The very existence of Wall Street Kid is a head-scratcher. Maybe, just maybe, there’s someone out there with an interest in both the stock market and video games who would like to see a game based on Wall Street, but it’s hard to imagine there’s be much of a demand for the concept. And in 1989, when gaming was aimed a bit more at a younger audience, it’s even more baffling to imagine such a concept actually came to fruition. But that’s exactly what Wall Street Kid was, an NES title centered around the stock market. Because what kid would want to delve into the magical fantasy worlds of The Legend of Zelda and Super Mario when they can experience… Wall Street?
Players take on the role of the titular Wall Street Kid, whose last name is actually Benedict (I guess ‘Wall Street Kid’ is his first name). The goal of the game is for Wall Street Kid to turn $500,000 in seed money into $1,000,000 through investments in order to prove himself worthy of inheriting his family’s fortune.
The game is basically a simplistic, point-and-click RPG of sorts. The game mainly takes place in Wall Street Kid Benedict’s office, where you can decide which companies to invest money in, and as the in-game days go by, you can see which stocks go up, and which ones go down. Just like in real life Wall Street, you’ll want to sell your stocks while they’re hot. But naturally, you can’t predict when stocks will begin to plummet, so if you wait too long to sell, you might miss out on your best opportunities.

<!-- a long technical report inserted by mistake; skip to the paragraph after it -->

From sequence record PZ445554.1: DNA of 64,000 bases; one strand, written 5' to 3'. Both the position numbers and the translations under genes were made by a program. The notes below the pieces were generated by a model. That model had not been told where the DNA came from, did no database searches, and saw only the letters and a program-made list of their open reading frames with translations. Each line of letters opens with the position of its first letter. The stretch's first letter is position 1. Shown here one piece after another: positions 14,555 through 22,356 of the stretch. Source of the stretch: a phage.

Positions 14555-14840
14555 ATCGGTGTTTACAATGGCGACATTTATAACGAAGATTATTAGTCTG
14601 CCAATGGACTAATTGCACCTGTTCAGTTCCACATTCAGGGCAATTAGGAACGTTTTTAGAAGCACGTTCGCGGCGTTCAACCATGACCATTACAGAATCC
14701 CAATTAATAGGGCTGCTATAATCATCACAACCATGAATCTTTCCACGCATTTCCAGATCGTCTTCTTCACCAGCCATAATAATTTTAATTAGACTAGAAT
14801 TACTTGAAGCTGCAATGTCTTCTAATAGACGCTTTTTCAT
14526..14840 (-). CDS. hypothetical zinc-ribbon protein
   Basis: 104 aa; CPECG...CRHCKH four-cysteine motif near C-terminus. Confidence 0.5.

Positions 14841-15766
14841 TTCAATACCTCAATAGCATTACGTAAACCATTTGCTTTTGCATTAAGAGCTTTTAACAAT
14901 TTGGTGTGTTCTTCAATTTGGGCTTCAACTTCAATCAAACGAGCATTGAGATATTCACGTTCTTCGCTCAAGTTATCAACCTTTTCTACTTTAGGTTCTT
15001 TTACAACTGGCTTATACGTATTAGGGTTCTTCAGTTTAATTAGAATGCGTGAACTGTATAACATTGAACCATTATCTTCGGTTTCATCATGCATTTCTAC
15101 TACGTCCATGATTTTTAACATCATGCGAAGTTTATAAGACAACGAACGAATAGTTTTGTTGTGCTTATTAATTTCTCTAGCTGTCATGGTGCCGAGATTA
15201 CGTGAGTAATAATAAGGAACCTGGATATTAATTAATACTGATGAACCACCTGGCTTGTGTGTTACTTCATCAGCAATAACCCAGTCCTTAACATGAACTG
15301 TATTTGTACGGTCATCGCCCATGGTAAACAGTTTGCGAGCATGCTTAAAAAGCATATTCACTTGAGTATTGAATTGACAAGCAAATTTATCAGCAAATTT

I have to admit, there is a minor addicting quality in trying to keep up with the stock market and seeing how things play out, but it’s short lived. The game attempts to add a little something extra to the proceedings by means with little elements added to the stock market-based gameplay. You can pay a woman named Connie for stock market insider tips (which I actually believe is illegal). This can give you a short-term advantage in stocks, though Connie’s insight isn’t always exact, so you could end up wasting money on information that provides no reward in the end (which I guess serves you right). Later in the game, you can even receive loans and go to auctions.
An additional element is added to the game by trying to keep Wall Street Kid’s love life afloat. WSK’s fiancé Priscilla will often require you to take her on dates, as well as keep up your personal health in order to keep her affections. The dating options include picnics, shopping (which doesn’t use any of your in-game currency) and trips to the carnival. Meanwhile, your health options include swimming, going to the gym, and hiking. Though the only real difference between any of these (unseen) activities is that they’ll take up more time on the game’s clock, none of them boost your love life any more than the others. But you have to keep up at these activities pretty regularly, because if you lose your fiancé, the game is over.
So basically, an entire game day should consist of buying/selling stocks, going on a date, and exercising, with an additional stock activity thrown in every here and there. Strangely, there are some days where you can’t partake in one of (or all) of the dating and exercising options, but you can always just do them the next day anyway, so it doesn’t exactly throw a wrench in your plans, making you wonder what the point of these delays is, exactly.